An interior designer is involved in the design or renovation of internal spaces. Involved at every stage of a project from concept to completion, an interior designer is responsible for everything from structural alterations, furnishings, fixtures and fittings, lighting, right through to colour schemes. Designs and feasibility studies are produced for commercial, leisure and domestic properties, and the designer oversees the project from beginning to end. Interior designers work in a broad range of different commercial or domestic settings. The job combines the efficient and functional use of space with an understanding of aesthetics.
The dictionary definition of interior design is…
‘…the process of shaping the experience of interior space, through the manipulation of spatial volume as well as surface treatment…..draws on aspects of environmental psychology, architecture, product design and furniture design in addition to traditional decoration.’ Quite a shock to anyone still hung up on the picture painted by the industry killer that was Changing Rooms!
There are two ways of working as an interior designer- as part of a practice or self employed.
The typical day of a practice employed designer will involve an interchanging selection of the list included below.
- acquiring key information about potential projects, discussing requirements in detail with clients and setting project schedules;
- understanding individual clients’ needs, developing design concepts in consultation with the client and establishing final briefs;
- considering materials and costs according to set budgets and negotiating project fees;
- conducting feasibility studies for projects;
- researching and gathering information and photographs relating to the project ;
- producing ‘sample’ or ‘mood’ boards for presentation to clients;
- sourcing products (e.g. liaising with curtain fabric suppliers) and providing samples for clients;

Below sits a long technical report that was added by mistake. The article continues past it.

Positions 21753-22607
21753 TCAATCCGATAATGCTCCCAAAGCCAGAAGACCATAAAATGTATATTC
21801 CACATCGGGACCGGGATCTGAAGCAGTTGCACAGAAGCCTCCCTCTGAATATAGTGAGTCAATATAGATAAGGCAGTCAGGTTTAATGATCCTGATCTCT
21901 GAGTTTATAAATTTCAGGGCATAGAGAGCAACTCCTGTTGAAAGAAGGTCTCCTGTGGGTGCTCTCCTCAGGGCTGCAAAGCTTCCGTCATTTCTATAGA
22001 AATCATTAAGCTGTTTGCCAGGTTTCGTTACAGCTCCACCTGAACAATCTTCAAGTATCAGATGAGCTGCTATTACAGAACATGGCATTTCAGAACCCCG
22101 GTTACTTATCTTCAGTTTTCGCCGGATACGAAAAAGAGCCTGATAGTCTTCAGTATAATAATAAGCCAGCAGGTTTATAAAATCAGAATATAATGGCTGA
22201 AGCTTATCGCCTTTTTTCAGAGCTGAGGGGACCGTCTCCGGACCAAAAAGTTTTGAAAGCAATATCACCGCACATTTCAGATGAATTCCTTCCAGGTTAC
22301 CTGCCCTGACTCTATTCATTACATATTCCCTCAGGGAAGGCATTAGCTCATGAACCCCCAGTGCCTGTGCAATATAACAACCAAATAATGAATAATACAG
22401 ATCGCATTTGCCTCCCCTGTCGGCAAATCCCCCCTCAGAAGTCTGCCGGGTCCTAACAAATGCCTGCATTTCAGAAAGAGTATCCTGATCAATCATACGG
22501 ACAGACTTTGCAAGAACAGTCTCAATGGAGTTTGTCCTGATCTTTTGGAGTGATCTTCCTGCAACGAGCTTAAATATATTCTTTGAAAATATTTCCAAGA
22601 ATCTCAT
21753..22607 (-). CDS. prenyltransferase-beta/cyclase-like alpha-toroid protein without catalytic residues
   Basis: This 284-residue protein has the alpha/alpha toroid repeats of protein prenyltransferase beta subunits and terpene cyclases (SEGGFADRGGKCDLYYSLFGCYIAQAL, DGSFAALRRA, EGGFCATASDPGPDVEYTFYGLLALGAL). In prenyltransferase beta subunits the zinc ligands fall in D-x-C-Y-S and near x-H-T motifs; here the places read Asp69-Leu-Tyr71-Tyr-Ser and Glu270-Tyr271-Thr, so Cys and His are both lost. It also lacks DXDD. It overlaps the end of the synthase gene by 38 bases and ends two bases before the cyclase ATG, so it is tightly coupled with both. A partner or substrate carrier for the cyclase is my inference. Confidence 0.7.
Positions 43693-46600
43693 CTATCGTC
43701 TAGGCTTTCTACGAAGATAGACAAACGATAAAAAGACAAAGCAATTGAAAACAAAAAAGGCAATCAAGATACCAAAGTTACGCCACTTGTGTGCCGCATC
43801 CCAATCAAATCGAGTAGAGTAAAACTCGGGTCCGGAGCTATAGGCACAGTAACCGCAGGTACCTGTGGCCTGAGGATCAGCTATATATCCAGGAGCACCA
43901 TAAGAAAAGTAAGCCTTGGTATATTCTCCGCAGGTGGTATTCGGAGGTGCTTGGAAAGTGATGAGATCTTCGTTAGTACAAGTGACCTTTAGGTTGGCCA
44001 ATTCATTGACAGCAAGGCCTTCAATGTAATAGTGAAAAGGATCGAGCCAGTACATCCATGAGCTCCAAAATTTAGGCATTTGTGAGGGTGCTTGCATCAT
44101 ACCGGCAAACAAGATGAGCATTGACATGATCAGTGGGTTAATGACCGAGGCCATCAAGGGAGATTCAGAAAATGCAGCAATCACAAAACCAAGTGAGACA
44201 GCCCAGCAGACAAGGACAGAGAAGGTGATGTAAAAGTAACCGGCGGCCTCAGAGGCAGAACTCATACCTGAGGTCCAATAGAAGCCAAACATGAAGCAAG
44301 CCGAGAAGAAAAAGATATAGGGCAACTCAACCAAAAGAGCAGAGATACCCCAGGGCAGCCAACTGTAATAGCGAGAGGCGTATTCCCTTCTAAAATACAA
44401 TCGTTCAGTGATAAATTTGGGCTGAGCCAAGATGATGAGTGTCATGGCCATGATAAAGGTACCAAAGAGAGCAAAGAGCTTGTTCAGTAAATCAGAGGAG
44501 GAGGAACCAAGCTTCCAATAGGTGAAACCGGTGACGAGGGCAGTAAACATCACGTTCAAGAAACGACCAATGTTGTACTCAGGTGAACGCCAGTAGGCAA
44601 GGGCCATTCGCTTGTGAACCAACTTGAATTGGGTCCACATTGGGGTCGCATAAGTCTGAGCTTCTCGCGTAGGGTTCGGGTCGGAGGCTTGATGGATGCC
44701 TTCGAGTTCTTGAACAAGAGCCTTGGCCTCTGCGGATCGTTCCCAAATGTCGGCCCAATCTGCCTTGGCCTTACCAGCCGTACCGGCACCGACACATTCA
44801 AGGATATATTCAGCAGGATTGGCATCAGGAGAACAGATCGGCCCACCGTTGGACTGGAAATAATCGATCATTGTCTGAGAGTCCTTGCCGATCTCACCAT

- preparing detailed working drawings, designs, plans, models and schemes, often using computer-aided design (CAD) software;
- surveying buildings;
- working in a team with other designers;
- supervising work at the design stage and on-site;
- working closely with quantity surveyors to establish costs and work schedules on larger projects, with architects to determine the best use of space, and with manufacturers and contractors;
- remaining up to date with new developments and new products (i.e. modern table lamps) in the design industry.
And this long list of activities may be carried out in any type of built environment you can imagine. From office spaces to retail units or domestic residences to hotels- a project can quite literally take you anywhere.
In terms of typical working hours, I’m afraid your guess is as good as mine! You will often need to work long, irregular hours, which could include- wait for it- evenings and weekends!
As a self employed designer, add to the long list above, the added responsibility of identifying new business and selling your services to potential clients. You will probably work from home and though this may sound like bliss it can become monotonous and blur the lines between working and resting hours. If you do go down this route, it is vital that you can trust yourself to remain motivated without a manager looking over your shoulder. If you can do this, you will be rewarded with an extra half an hour in bed every day of the week, exemption from a busy commute, the ability to dictate your own pay and work pace and the satisfaction of being your own boss.